Last year Wave Apps added in the option of doing a personal budget, which gave me the incentive to run such a budget tracking all my personal expenses like rent, food, transportation, and anything else I may spend money on, as well as keeping track of any income I have coming in. Again, I can run reports keeping track of profits and loss, and set goals every month so if I am overspending on something, I see the alert on the screen which sometimes gives me more incentive to not spend so much.
Going back on a budget has proven to be very advantageous and it’s something I will probably continue to do for the foreseeable future. Not only does the budget provide me with a full financial picture of what I have coming and going, it gives me an excellent blueprint going forward. Based on what the budget shows I can project what I can afford in the future in regards to what I can spend on rent, setting a food budget, and allowing for any other upcoming expenses. Based on said information I now know the maximum I can spend every month which sets the limits on how fancy a place I can live in, how I much I can spend on food, and how much, if any surplus I might have at the end of each month. My ultimate goal is to at least have a positive income every month. It can be a few dollars, it can be a lot, just as long as I can stay within budget, and not get carried away with spending, I can maintain and slowly increase the amount of money I have in the bank.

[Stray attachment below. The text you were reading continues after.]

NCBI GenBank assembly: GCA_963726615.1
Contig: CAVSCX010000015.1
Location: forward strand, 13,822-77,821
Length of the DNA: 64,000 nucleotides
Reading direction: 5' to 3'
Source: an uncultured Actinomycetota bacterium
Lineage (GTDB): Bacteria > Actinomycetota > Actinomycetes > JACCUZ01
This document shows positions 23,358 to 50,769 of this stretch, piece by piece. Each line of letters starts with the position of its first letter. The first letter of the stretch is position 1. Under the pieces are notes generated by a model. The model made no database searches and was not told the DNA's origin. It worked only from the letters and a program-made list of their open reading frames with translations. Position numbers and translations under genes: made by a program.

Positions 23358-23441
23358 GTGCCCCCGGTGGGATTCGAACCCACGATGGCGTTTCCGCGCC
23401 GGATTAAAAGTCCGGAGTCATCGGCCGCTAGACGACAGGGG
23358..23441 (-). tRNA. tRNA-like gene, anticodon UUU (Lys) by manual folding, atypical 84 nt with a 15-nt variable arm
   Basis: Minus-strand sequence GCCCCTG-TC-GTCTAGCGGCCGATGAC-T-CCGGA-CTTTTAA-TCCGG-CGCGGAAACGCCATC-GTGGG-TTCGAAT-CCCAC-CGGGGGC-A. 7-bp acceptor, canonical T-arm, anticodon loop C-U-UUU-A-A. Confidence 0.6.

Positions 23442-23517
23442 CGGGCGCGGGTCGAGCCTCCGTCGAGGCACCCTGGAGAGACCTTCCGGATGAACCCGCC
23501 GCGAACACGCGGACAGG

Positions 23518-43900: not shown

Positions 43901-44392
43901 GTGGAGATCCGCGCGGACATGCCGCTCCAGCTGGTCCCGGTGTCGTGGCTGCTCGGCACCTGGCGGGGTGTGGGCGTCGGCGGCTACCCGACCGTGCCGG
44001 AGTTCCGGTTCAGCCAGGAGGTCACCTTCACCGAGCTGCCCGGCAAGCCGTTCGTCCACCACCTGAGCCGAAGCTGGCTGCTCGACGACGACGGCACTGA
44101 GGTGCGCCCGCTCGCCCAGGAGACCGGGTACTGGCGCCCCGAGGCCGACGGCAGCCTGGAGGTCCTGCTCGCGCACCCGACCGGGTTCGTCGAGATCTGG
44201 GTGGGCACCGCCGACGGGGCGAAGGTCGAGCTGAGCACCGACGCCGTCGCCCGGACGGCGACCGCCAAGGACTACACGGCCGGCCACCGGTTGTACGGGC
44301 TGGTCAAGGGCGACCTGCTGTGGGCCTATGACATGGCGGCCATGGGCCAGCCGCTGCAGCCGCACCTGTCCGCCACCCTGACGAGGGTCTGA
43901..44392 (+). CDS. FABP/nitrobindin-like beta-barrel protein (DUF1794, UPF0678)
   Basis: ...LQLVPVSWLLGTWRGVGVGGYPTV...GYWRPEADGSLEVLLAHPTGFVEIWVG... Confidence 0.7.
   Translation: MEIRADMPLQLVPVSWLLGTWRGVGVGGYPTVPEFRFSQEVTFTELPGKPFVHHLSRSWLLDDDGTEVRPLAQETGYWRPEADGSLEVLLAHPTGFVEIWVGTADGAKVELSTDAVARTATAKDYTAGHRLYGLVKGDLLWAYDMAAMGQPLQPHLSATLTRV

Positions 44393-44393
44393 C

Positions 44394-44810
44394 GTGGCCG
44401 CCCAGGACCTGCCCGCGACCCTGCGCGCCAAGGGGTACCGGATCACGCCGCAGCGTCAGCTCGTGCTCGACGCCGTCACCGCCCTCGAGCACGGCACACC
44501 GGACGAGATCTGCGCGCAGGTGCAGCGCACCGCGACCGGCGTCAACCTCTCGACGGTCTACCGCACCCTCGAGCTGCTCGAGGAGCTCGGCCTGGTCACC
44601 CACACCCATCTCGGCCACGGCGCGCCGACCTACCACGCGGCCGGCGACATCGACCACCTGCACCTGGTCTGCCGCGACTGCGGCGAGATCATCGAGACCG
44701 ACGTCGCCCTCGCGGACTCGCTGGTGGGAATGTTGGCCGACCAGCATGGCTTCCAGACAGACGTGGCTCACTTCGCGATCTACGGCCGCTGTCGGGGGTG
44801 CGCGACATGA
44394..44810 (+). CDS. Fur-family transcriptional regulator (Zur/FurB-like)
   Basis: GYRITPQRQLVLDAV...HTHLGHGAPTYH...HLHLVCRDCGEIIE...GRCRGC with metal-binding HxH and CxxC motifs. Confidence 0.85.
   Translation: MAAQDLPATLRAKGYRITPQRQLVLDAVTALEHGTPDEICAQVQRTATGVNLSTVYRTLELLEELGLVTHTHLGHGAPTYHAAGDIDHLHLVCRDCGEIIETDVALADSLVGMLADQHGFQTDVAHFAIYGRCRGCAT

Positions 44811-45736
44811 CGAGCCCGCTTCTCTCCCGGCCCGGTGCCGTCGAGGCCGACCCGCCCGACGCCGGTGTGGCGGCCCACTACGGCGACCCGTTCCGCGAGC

Keeping a budget may sound like a no brainer or something you may do just out of hand, but for me, a budget has become essential. The amount of detail a few months worth of tracking expenses and income can reveal a ton of valuable information which you can use to amend your lifestyle so you don’t overspend, and stay out of debt. Once you have a good financial picture right there on the screen, it has a lot more impact than simply checking your bank balance and empty pockets now and then. With the knowledge of what you have coming in, and what you know is going out, making more better life decisions becomes a lot more easier.
I now know what it costs me to live in Maui. I have just 4 months and change worth of budget showing but with even such a short time span, I have a very good idea what it will cost going forward when I go back. I can adjust accordingly and have a very good idea of what and where I can afford to live out there. Or anywhere else should the opportunity arise.
Financial awareness comes a lot more easier when you keep a good budget and stick to it. Give it a try if you are not doing so already. It will pay for itself in more ways than one.
In case you are wondering, I won’t post the details, but I was living in Maui for $48 a day.